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Towson's road to FCS playoffs featured decades of twists and turns

The dramatic turnaround for the Towson University football team this season will be punctuated by the school's first playoff appearance since becoming a I-AA program in 1987. While many not familiar with the program's history look at it as if the Tigers have come from nowhere, those who were part of the their early days as a small-college Eastern power wonder if the current success can be sustained.

When Towson (9-2) hosts Lehigh (10-1) in the second round of the NCAA Football Championship Subdivision playoffs Saturday at Johnny Unitas Stadium, it will bring back faded snapshots for those who remember when the Tigers were a perennial playoff team. It will also revive discussions about how Towson literally fumbled away any chance of continued success.

Sean Murphy, an All-American receiver on a string of nationally ranked Division II teams in the early 1980s, recalled how university administators believed it was simply a matter of the players strapping on their helmets and tucking in their shoulder pads for the team's dominance to continue. After all, many of the team's victories had come against I-AA teams.

"In those days, half of our schedule was against I-AA teams, and we won 70 percent of those games," Murphy, now the football coach at Archbishop Curley, said Wednesday. "Everybody in the university decided we could play I-AA, but they never made the commitment. They had fewer scholarships [than most I-AA teams]. Our facilities for Division II were very good; our facilities for I-AA were substandard.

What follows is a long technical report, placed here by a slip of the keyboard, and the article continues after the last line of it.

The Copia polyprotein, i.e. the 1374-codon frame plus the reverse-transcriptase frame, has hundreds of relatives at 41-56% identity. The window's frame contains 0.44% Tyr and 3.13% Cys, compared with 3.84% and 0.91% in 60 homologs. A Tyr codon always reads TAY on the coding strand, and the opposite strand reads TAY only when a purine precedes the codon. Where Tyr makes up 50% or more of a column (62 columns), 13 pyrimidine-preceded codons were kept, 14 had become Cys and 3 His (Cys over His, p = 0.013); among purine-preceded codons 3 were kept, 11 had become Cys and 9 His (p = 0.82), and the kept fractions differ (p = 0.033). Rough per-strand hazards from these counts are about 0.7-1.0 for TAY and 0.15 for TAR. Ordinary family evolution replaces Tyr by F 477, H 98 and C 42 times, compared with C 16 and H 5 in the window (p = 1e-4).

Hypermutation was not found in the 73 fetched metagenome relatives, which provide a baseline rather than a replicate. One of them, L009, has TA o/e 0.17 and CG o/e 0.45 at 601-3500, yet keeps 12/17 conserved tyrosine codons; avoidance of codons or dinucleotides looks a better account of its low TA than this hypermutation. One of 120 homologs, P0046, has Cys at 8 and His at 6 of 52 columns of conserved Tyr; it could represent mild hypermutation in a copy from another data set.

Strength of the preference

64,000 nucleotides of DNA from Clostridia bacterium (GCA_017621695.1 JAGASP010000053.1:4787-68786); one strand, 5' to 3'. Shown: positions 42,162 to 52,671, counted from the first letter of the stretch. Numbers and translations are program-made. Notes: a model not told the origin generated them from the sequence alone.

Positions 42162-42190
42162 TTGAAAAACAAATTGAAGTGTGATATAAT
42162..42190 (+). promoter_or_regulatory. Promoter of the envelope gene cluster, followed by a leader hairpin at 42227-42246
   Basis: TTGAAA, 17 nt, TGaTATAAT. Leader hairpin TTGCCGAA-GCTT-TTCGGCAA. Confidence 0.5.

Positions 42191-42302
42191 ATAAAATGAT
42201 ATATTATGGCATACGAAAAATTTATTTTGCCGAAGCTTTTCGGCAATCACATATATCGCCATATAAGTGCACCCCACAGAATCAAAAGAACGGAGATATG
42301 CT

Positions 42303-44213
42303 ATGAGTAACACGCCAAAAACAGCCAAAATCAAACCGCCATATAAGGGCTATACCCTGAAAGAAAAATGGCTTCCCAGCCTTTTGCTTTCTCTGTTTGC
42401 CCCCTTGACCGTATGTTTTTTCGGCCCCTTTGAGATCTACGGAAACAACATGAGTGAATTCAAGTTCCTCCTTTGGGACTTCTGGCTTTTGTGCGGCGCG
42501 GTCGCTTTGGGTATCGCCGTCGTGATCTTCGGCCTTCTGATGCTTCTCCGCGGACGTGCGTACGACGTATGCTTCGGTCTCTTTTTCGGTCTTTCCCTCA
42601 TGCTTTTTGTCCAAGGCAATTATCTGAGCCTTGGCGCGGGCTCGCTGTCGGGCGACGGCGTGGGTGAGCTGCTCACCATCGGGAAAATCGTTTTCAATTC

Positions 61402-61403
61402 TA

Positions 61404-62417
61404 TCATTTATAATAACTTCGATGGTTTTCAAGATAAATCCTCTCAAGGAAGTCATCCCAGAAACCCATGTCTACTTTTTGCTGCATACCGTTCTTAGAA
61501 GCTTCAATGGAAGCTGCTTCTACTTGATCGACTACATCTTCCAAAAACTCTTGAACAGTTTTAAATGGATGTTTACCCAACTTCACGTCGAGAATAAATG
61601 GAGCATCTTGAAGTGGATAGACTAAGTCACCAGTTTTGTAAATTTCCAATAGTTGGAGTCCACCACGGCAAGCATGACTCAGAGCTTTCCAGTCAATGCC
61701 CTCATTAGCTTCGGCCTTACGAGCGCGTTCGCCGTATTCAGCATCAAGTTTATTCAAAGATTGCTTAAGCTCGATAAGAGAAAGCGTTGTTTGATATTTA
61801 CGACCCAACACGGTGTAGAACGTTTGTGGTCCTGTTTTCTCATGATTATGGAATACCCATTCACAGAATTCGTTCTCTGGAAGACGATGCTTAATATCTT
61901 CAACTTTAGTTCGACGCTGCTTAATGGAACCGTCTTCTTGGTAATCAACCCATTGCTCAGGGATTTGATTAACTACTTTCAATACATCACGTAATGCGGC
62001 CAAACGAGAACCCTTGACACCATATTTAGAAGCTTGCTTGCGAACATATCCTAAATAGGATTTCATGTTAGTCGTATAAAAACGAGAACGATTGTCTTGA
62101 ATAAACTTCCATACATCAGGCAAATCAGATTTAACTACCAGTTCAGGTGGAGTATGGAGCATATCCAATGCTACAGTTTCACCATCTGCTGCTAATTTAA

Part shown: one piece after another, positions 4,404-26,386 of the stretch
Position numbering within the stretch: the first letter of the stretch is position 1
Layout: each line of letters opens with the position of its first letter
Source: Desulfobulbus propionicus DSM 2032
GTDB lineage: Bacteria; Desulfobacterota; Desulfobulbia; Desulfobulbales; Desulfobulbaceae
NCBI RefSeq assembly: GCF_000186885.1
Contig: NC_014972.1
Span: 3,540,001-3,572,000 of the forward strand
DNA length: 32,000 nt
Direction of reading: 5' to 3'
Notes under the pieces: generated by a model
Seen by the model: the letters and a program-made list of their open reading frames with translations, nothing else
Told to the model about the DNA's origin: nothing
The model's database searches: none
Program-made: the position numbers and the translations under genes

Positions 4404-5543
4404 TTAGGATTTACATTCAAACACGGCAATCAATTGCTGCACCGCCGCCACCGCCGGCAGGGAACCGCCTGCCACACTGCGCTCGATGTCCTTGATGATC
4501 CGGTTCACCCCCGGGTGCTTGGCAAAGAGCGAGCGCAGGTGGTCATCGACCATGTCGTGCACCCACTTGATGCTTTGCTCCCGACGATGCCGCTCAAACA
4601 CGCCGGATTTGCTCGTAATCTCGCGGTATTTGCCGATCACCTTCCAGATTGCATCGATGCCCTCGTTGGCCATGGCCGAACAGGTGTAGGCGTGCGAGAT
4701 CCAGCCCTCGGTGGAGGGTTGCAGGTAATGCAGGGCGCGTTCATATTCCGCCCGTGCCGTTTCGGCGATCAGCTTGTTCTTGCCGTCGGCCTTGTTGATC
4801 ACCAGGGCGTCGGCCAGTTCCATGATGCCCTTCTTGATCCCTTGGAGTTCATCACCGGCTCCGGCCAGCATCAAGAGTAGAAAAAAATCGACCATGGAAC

"That kind of really hurt the program, to the point where in 1990 or 1991, they were on the verge of dropping the program. I'd rather have been a big dog in Division II. We would have continued to get exposure in the area. It was a disaster. We just didn't have the financial support, we didn't have the facilities and you can't compete."

What followed was sporadic success — if that.

Towson didn't have a winning record its first six years in I-AA, averaging a little over three wins a season before coach Phil Albert retired. Gordy Combs, who had been an assistant coach, had seven winning seasons in an 11-year stretch during his 17 seasons as head coach, but finished off with his teams winning only three games in each of his last two years.

"There are very few schools that ever went from Division III to Division II to Division I-AA. Most schools stay for 25, 30, 40, 50 years in one division, maybe they move up one," said Sean Landeta, who played for the Tigers as they were transitioning from Division II to Division I-AA, and spent nearly a quarter of a century in the NFL as a punter. "If they had stayed in Division II with the success they were having, they probably would have been a perennnial playoff team."

But the former Tigers — as well as Albert, who spent 40 years at Towson as a football coach and educator — believe that the infrastructure is in place for the Tigers to become a force in the Colonial Athletic Association, considered by many to be the toughest FCS conference in the country, and possibly a national power.